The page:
By MANISHA KULSHRESHTHA
Translated by CHINMAY RASTOGI

Piece appears below in both English and the original Hindi.  

Translator’s Note

Hindi is comprised of words from a variety of regional languages of India and has various dialects. The way people speak it changes almost every hundred kilometers, with the language taking on a new garb and flavor, just like the clothes and food of the people who speak it. What delighted me about this story was the place it is set in and the dialect of the characters. It’s not common to come across literature set in the remote areas of Rajasthan, full of Marwari words (the primary language of the people of the state). As someone who spent most of his life in this state, I was even more invested to present the dialect, life, and customs of the communities.

Puppets
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Belleville

By NANCY LEFENFELD

But after the divorce, he moved back to Belleville. To his old neighborhood, the neighborhood of his youth.

His wife—now ex-wife—hated Belleville. It reminded her of the poor Polish girl she had been. All the years they were together, they lived in Boulogne-Billancourt.

He has a small apartment on the rue du Jourdain. It’s just a few steps from the tabac where he used to buy cigarettes for his father. And it’s practically around the corner from the primary school he attended, on the rue Olivier Métra.

Belleville
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Translation: Sindhu Library

By GEET CHATURVEDI
Translated by ANITA GOPALAN

Piece appears below in both English and the original Hindi.

 

Translator’s Note

There is an inherent quiet music and a brokenness in the story “Sindhu Library” excerpted from Geet Chaturvedi’s fiction Simsim. In its simple external reality, the story thinks with images and situations. There is a delicate textuality in the characterizations that take shape in a kind of leisureliness, be it the old man sitting among tattered books in his library or the balloon woman appearing at the start and end of the story, which is very poetic. I have translated the author’s pauses whenever I could, building a balance between language and sensation, between rhythm and vacuum.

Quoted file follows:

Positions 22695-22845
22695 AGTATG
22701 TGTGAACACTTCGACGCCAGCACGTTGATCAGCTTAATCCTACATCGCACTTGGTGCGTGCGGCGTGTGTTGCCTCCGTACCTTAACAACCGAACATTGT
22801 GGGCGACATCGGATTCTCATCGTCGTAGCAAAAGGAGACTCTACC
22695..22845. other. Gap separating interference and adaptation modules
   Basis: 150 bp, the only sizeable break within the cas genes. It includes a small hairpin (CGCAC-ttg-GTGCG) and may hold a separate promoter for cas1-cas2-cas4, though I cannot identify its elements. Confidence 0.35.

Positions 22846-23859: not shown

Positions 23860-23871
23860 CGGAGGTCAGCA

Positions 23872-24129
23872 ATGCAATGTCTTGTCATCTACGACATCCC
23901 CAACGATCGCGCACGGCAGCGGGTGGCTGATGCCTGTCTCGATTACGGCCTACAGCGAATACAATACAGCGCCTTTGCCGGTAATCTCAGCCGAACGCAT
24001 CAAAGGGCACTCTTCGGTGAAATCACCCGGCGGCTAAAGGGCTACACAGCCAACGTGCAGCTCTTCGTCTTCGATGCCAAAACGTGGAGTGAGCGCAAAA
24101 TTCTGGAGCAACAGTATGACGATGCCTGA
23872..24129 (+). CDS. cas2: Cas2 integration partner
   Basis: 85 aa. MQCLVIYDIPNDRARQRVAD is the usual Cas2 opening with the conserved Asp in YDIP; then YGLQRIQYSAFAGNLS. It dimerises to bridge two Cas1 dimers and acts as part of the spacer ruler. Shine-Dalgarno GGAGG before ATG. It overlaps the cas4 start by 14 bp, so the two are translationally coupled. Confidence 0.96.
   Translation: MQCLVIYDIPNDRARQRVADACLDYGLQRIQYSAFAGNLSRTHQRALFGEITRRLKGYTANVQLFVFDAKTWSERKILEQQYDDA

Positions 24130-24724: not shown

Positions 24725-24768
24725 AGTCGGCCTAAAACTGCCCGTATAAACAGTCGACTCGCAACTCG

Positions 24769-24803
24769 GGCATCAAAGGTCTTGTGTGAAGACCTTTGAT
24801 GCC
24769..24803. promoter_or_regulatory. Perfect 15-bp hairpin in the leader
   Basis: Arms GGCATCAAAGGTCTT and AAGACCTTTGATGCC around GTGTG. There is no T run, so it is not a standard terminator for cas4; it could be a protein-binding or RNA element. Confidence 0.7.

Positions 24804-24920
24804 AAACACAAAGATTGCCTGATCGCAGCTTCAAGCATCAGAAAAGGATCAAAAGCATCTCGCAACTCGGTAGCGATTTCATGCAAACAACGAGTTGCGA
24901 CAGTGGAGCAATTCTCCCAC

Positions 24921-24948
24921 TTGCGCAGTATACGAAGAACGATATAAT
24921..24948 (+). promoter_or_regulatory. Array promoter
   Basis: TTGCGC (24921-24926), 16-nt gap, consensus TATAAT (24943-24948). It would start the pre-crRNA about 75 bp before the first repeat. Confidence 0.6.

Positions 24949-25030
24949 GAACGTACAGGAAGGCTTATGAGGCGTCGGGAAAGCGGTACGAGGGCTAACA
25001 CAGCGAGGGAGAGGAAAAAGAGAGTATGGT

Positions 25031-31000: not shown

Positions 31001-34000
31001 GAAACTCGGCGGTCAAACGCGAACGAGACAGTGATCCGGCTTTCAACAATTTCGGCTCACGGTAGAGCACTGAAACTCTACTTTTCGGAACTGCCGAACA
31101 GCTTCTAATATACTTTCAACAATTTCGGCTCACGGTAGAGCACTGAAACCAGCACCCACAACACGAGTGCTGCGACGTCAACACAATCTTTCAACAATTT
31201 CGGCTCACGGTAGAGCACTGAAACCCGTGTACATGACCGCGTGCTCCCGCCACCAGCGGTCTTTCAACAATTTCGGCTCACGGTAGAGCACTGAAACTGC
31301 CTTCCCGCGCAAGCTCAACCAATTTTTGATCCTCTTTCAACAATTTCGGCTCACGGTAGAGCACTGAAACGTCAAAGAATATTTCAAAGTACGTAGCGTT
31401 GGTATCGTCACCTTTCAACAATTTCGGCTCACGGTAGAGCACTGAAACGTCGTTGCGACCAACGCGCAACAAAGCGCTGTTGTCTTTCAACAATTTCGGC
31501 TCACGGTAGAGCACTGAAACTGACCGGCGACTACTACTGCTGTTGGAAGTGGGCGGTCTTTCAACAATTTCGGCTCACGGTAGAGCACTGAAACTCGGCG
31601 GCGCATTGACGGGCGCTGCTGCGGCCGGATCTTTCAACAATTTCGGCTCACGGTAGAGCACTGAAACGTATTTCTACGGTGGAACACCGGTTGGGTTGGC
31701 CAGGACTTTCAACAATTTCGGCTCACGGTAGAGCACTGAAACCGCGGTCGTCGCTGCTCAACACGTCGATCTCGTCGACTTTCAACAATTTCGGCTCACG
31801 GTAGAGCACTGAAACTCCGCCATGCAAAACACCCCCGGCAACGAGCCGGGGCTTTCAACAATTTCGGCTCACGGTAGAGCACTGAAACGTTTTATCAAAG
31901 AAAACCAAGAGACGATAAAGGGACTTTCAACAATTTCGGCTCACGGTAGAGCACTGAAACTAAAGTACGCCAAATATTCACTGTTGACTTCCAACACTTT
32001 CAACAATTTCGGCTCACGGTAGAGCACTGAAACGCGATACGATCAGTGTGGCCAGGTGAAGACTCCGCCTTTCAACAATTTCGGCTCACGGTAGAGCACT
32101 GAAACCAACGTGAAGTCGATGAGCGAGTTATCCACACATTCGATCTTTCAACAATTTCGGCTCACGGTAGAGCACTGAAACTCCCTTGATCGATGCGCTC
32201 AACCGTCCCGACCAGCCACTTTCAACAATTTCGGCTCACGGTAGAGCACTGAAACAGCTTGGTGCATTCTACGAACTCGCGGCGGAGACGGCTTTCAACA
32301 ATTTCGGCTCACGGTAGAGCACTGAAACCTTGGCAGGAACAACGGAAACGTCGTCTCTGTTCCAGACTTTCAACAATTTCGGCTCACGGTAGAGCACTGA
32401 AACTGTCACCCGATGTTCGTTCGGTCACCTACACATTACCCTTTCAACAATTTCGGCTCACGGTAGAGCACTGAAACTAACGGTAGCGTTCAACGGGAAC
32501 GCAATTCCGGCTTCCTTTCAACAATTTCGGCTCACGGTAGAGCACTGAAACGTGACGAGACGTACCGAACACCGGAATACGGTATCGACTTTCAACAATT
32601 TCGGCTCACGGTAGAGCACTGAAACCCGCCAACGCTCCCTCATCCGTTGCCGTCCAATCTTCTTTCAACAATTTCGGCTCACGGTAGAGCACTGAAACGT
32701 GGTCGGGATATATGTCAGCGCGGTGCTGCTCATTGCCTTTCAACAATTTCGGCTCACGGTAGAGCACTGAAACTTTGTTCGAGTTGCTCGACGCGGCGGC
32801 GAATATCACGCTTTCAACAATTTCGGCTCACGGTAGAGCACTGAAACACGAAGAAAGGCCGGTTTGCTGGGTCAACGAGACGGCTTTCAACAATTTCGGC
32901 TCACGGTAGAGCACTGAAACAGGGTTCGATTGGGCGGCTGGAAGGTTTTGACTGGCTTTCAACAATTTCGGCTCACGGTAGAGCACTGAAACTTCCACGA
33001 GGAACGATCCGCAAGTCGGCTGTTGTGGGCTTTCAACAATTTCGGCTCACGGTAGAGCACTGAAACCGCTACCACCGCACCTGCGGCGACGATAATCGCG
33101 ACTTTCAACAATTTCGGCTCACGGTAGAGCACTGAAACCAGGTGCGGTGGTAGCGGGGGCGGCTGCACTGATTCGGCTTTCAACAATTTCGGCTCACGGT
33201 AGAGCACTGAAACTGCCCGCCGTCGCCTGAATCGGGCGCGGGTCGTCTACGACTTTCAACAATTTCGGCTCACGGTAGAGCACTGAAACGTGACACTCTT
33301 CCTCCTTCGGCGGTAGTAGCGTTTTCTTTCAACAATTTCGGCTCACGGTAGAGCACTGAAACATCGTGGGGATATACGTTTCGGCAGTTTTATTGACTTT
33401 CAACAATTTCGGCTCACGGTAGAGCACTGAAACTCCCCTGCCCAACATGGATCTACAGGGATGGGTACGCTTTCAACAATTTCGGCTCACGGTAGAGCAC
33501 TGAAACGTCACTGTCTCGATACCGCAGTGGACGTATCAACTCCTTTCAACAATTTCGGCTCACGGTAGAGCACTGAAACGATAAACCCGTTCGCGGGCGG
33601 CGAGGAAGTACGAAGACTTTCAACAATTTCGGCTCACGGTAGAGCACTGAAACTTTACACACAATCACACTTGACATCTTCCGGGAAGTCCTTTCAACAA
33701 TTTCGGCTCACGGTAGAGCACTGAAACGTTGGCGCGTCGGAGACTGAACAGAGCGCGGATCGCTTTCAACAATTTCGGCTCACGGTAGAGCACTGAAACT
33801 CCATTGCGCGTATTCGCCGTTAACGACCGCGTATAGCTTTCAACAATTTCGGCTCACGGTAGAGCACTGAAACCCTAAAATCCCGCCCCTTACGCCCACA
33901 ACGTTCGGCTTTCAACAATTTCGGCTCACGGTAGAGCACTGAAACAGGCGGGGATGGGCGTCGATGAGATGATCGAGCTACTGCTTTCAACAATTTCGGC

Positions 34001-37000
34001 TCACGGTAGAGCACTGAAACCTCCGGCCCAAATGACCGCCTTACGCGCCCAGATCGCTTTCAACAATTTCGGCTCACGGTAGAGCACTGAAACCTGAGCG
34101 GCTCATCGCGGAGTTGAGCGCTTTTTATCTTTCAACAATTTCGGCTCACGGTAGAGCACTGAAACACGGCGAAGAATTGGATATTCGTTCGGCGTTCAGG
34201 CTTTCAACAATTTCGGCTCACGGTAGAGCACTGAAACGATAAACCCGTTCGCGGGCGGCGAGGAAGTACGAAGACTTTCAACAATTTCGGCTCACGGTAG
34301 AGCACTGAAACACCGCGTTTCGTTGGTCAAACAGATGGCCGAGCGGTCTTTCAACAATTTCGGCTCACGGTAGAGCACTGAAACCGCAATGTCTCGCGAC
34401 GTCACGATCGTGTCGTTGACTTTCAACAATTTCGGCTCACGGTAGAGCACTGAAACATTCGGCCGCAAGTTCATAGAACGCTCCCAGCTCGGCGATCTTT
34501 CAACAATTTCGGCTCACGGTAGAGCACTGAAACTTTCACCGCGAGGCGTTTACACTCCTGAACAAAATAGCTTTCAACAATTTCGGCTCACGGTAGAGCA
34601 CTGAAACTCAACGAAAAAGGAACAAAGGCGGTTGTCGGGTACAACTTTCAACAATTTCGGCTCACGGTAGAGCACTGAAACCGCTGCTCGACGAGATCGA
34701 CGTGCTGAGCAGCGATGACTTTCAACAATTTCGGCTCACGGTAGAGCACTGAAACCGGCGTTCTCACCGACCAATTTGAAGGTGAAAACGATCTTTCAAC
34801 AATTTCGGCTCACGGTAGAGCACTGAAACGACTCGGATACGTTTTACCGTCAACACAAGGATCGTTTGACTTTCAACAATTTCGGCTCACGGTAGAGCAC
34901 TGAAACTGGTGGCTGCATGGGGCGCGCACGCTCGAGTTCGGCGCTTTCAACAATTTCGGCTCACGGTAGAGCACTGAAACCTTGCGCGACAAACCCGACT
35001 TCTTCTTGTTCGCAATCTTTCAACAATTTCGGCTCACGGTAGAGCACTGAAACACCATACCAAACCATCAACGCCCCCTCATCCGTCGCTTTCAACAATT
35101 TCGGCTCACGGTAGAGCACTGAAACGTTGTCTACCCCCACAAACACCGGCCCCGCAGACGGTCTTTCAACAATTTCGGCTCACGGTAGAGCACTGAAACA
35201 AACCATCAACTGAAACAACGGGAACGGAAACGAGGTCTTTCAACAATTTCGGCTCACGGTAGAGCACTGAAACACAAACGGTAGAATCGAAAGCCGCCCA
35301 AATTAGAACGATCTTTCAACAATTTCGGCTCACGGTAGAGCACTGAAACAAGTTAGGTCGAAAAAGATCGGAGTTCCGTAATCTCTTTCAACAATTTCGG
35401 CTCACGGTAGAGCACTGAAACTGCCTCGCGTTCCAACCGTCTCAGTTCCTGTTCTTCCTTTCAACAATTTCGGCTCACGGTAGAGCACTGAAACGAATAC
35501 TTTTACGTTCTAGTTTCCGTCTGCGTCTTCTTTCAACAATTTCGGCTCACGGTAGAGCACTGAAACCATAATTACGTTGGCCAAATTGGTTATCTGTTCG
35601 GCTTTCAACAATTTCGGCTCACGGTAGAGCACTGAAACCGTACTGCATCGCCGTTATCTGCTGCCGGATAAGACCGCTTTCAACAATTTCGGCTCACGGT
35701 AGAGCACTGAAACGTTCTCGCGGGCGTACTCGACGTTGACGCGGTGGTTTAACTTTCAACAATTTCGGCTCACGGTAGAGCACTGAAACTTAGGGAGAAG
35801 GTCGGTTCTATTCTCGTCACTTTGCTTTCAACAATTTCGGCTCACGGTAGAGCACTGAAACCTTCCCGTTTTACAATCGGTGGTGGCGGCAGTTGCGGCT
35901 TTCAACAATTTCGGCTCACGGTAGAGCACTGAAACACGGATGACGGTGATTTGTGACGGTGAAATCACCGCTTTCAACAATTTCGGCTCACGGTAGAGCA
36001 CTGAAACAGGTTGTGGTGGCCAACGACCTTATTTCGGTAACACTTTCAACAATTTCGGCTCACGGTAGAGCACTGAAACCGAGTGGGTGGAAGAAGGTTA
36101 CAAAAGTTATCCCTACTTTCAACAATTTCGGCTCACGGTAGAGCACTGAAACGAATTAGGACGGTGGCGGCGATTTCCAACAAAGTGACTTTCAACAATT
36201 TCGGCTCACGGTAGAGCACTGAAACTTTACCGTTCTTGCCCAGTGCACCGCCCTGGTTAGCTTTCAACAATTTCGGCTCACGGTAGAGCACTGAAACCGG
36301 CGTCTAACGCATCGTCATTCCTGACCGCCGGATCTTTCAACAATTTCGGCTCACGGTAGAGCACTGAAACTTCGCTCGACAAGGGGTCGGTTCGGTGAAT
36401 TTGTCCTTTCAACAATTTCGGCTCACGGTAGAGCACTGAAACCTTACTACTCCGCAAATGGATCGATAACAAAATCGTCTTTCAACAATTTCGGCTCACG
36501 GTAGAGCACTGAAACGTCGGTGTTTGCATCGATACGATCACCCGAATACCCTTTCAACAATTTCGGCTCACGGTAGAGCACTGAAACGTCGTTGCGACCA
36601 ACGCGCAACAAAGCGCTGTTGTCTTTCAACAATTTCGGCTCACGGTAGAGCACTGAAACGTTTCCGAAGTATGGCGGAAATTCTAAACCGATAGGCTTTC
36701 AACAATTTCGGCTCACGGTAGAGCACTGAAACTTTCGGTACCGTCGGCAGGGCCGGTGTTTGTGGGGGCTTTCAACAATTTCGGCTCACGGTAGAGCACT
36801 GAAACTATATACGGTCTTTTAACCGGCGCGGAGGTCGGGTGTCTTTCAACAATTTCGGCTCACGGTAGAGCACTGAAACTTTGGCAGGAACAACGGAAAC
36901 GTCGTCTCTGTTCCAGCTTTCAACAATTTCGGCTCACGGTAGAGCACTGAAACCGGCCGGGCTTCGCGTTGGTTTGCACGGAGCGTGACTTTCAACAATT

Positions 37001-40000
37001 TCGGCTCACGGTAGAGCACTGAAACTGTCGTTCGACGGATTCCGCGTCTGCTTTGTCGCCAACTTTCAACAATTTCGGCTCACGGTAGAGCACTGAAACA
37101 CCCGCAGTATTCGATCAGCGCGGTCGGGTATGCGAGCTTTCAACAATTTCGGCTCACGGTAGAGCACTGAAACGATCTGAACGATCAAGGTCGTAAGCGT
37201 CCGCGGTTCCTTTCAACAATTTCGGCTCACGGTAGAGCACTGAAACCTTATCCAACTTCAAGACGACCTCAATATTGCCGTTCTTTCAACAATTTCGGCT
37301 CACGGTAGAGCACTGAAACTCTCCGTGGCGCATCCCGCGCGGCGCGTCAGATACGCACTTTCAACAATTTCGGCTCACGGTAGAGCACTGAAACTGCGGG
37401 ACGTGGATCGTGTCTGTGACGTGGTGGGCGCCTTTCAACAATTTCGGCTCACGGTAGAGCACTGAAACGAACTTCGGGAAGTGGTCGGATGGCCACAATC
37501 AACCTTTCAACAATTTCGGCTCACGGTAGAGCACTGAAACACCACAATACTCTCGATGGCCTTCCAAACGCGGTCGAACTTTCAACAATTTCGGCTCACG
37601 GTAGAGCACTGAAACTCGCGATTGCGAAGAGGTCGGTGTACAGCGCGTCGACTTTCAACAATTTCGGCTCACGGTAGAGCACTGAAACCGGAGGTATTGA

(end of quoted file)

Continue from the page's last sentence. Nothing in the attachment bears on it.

Translation: Sindhu Library
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The Children of the Garden

By ANNIE TRINH

The first time Lilian saw her siblings’ hands sprout from the fertile earth, she hid behind her father’s leg and begged him to be careful. She tugged his fingers as the infant-cries rang through the twilight of crickets and fireflies, telling him that they should hurry before mom came back from the store, but he didn’t listen. Her father looked down with watery eyes and knelt to the ground, trembling. He removed the soil from the newborn babies, took them into the kitchen, and placed them in the sink. Monoecious plants, one boy and one girl. Her father cleared all the dirt from their bodies. With a fresh towel, he cleaned their tiny hands, wiggling feet, faces, their grumbling stomachs—dusting off the tiny ants and soil stuck to their eyelids. 

The Children of the Garden
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Transgressions

By SEBASTIAN ROMERO

We went to the bathhouse because it was Dorian’s thirtieth birthday and, being the kind of friend he was, he wanted to do something for himself—partying at Chicago’s Boystown, a neighborhood we’d frequented when we’d been undergraduates at Iowa—and then something for us, especially for Aviraj, who was Dorian’s closest friend and still a virgin. He had flown for this, Aviraj had; I had flown, too, but it wasn’t as big of a deal, because I had come from New York—costing me around $250—and he had from Mumbai—which could’ve cost shy of $1,000 (not that I asked). This infamous holding-out on Aviraj’s part had come, on the one hand, because of his spiritual beliefs and, on the other, because—idealistic as he was—he had never been able to keep a man, which had brought about that soothing old joke of ours where we told him not to worry; he was surely the type of guy who never dated and then, bam!, he’d marry on his first try. The group would laugh at this jealous joke, yet a jealous silence would always follow, for not only did we believe it to be true, but we also believed Aviraj to be the only one of us who had marriage in him.

Transgressions